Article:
It shouldn’t take a global pandemic to appreciate the nurses who have been working fairly tirelessly and devotedly all along and yet we all too often take them for granted.
Today, May 6th, is National Nurses Day in the U.S. while internationally it is celebrated May 12, Florence Nightingale’s birthday. The interim between the two is usually called Nurses Week and if ever there was a time to make it a week-long act of gratitude and commemoration, it’s now. The International Council of Nurses picks a theme each year and for 2020 it’s ‘Nursing the World to Health.’
Florence Nightingale is largely credited with founding what we think of as ‘modern nursing.’ Her emphasis on proper hand washing alone saved countless lives (literally countless – think about that), beginning on the battlefields of the Crimean war. It is remarkable that in 2020, we are fighting an epic battle against a virus wherein hand washing again is the most important weapon.
The American Nurse is a 2014 documentary by Carolyn Jones who explores aging, war, and poverty through the work and lives of 5 working nurses. The camera follows them through a typical day’s work while we consider what it truly means to care: to care with our hands, with our hearts, with experience and knowledge, with commitment and dedication.
And now nurses are again at the forefront of the meanest and most threatening bug we’ve faced in a lifetime and we’ve been unable to provide them even the most basic personal protective equipment necessary for providing the care we’re demanding. Not only are healthcare workers more at risk for contracting the virus due to repeated exposure, they’re also more likely to have life-threatening symptoms (perhaps because they’re exposed to a much higher dose, or to multiple strains, but science has yet to confirm the reason). I know a nurse who works in mental health who spent the early days of lockdown seeing patients with no PPE at all as they’d all been locked away for when they were “really needed.” Now she gets 1 per day, which means she’s eliminated coffee, water, and food before and during shifts because going to the washroom would contaminate them. And at any time she faces redeployment to the E.R. even though she hasn’t practiced that kind of nursing in a decade. She has young kids at home, which means after a long shift she can’t hug or kiss them until after she’s stripped and scrubbed. And then the fun of homeschooling begins. She was telling me about a local grocery store that allows healthcare workers to skip the line. She would never accept, of course, because she’d feel like a jerk – lots of people are pulling double duty these days, and everyone would rather not be there. But also because standing in line 6 feet apart at the supermarket is the quietest and easiest part of her day.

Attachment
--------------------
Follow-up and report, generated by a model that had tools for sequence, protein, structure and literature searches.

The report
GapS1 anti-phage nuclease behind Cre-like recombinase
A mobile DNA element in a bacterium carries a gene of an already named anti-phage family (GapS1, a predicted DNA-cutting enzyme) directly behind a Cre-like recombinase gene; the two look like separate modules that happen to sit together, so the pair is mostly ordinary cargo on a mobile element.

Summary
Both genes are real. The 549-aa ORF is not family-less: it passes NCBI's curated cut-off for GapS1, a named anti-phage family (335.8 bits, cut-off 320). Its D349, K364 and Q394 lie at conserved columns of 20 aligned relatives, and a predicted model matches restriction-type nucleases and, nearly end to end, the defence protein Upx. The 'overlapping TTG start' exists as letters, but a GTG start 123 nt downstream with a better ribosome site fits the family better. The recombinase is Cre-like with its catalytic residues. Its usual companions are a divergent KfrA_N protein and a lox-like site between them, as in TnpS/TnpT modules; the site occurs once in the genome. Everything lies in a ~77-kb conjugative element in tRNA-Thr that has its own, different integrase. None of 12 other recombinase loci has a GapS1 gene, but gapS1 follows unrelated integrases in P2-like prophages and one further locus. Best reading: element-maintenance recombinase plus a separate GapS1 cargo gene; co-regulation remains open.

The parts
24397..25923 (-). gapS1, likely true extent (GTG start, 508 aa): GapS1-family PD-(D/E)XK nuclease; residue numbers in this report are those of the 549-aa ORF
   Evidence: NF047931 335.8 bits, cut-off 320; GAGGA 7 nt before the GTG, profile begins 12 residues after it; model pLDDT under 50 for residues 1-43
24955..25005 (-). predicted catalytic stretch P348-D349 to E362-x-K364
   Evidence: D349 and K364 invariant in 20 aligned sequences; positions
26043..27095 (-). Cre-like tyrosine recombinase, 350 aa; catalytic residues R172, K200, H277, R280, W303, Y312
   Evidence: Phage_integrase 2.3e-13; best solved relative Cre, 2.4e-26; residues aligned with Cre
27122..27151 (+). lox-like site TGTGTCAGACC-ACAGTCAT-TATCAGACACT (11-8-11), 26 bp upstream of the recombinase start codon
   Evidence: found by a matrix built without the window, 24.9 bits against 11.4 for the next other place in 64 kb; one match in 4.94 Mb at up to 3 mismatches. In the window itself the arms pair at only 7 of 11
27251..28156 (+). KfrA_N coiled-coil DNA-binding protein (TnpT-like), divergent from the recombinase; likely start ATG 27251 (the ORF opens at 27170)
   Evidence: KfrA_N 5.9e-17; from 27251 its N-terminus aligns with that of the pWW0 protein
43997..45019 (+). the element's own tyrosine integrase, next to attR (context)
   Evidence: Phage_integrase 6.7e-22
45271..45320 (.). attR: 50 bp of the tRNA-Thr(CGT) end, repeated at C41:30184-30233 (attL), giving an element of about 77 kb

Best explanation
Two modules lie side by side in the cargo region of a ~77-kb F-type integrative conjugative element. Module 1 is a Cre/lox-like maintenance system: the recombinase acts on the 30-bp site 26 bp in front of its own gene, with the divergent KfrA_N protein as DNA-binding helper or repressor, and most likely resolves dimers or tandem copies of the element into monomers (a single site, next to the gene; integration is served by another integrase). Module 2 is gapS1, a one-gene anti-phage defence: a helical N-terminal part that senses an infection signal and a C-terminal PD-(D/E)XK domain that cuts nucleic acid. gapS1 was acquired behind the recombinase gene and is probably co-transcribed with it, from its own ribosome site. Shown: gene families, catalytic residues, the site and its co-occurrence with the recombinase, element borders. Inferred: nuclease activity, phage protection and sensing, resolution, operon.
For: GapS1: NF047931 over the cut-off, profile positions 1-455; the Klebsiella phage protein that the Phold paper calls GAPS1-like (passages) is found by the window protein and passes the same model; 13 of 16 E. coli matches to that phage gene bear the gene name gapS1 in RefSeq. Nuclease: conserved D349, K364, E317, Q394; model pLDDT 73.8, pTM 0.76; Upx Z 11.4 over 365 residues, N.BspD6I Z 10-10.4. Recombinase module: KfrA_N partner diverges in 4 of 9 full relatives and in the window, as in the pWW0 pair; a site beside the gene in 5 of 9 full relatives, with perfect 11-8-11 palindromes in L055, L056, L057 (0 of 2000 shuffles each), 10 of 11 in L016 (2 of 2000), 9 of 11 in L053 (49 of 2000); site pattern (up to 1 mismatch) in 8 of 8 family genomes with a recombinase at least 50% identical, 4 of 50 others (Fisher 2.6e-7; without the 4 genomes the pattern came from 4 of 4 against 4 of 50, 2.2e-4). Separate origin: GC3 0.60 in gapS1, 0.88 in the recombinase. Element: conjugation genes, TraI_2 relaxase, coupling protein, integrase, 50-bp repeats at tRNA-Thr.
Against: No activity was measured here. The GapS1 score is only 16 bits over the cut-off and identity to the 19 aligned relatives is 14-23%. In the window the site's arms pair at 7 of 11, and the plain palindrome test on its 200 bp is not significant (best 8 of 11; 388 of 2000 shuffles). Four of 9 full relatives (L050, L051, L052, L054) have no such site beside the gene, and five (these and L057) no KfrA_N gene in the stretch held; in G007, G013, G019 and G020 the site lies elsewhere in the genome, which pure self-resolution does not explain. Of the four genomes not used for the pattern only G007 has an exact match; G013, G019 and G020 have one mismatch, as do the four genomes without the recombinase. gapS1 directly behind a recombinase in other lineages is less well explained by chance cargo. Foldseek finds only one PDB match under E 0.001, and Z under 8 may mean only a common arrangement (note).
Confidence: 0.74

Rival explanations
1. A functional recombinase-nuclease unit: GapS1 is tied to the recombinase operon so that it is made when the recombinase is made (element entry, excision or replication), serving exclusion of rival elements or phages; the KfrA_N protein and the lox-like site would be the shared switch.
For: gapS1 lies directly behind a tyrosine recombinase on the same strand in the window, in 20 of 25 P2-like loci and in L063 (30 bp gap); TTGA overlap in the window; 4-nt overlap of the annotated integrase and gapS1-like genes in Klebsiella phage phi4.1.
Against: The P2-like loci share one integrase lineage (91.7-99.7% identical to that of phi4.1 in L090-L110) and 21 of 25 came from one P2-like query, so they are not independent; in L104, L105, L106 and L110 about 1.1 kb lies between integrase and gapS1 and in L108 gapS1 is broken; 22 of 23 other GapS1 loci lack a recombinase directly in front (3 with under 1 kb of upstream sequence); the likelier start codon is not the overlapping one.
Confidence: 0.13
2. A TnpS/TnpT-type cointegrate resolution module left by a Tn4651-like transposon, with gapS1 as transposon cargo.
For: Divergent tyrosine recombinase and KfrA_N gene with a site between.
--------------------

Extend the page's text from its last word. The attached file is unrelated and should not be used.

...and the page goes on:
COVID or not, The American Nurse is a well-made, interesting documentary which you can watch here for free. It gives us a little insight into what it takes to heap the world’s healing upon your shoulders, to run towards the crisis instead of away from it, to feel compassion for others when you could use some yourself.
Thank you, nurses.